UCL News


Sandy Shandro appointed new Dean of the UCL Faculty of Laws

20 February 2007

The UCL (University College London) Faculty of Laws has announced the appointment of Sandy Shandro as the new Dean of the Faculty.

He will take up the five-year appointment on 1 September 2007.

Sandy Shandro is currently head of Freshfields Bruckhaus Deringer's Global Restructuring and Insolvency Group, and has been in practice since 1979. Sandy Shandro was a Rhodes Scholar and has a BA in Jurisprudence as well as a BCL from Oxford University. He was Professor of Law at McGill University in Canada. The Faculty of Laws at UCL is recognised as having one of the top research departments of law in the United Kingdom, rated in the highest category for both research (5*A) and teaching (excellent) .

Sandy Shandro said: I am delighted to have been selected to be Dean of the Faculty of Laws at UCL. As an important part of one of the world's leading universities, the Faculty of Laws makes a highly visible and important contribution to legal education and scholarship both in the UK and internationally. I look forward to working with my new colleagues to develop and add to the many ties which link the Faculty of Laws to the global community it serves so well from its London base."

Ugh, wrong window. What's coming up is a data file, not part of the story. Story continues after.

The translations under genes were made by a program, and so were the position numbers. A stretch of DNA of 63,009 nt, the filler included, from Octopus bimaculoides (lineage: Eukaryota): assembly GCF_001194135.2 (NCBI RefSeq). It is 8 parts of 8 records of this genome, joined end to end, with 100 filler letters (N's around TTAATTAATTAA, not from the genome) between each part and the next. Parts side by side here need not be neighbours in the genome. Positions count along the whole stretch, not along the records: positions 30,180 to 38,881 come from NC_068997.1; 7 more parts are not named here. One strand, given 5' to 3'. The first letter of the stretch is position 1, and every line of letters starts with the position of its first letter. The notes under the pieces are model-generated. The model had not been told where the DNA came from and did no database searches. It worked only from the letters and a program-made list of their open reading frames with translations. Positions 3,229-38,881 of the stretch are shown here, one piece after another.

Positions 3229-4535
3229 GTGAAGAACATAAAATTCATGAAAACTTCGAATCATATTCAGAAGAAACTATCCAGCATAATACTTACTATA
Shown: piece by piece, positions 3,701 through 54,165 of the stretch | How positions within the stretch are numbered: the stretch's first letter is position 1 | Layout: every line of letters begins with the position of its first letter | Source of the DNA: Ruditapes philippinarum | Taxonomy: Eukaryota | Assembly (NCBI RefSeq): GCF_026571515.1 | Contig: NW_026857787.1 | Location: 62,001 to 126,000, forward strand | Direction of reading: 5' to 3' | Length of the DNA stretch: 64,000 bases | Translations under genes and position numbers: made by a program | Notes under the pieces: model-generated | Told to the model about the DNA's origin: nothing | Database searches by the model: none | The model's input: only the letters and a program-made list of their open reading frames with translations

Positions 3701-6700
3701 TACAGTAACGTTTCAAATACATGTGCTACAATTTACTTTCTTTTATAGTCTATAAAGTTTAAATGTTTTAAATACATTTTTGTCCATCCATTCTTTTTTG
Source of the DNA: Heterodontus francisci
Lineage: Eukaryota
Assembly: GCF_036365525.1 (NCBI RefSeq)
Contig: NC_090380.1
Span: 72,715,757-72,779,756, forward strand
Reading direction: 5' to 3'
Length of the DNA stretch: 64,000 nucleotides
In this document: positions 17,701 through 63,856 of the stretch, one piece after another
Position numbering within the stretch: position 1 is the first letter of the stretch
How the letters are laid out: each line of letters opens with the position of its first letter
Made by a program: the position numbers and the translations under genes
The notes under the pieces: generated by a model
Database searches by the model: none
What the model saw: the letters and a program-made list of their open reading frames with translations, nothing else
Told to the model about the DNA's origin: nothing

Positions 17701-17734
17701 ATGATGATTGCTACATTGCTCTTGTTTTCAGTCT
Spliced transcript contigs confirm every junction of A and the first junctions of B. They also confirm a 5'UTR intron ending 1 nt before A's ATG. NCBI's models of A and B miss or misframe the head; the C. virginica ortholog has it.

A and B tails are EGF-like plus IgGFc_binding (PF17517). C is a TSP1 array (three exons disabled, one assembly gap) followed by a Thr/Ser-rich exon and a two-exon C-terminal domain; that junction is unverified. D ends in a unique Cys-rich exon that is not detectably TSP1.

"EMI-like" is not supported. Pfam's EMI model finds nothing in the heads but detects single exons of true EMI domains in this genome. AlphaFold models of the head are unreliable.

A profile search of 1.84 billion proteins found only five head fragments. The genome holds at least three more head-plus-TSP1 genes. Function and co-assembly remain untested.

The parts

Malcolm Grant, President and Provost of UCL and himself also a lawyer, said: "This is an excellent appointment that builds on the Faculty's extensive links with the profession in London, and its global reputation across the whole range of legal scholarship."

Professor Dame Hazel Genn, UCL Faculty of Laws, said: "This is an exciting appointment for the Faculty of Laws. We have been fortunate in finding a new Dean who combines a deep understanding and respect for the values and mission of a contemporary university law school with experience of leadership in a large, complex business organisation. This combination will bring enormous strength to the Faculty as we launch our independent LLM and build upon UCL's established reputation for excellence and innovation in research."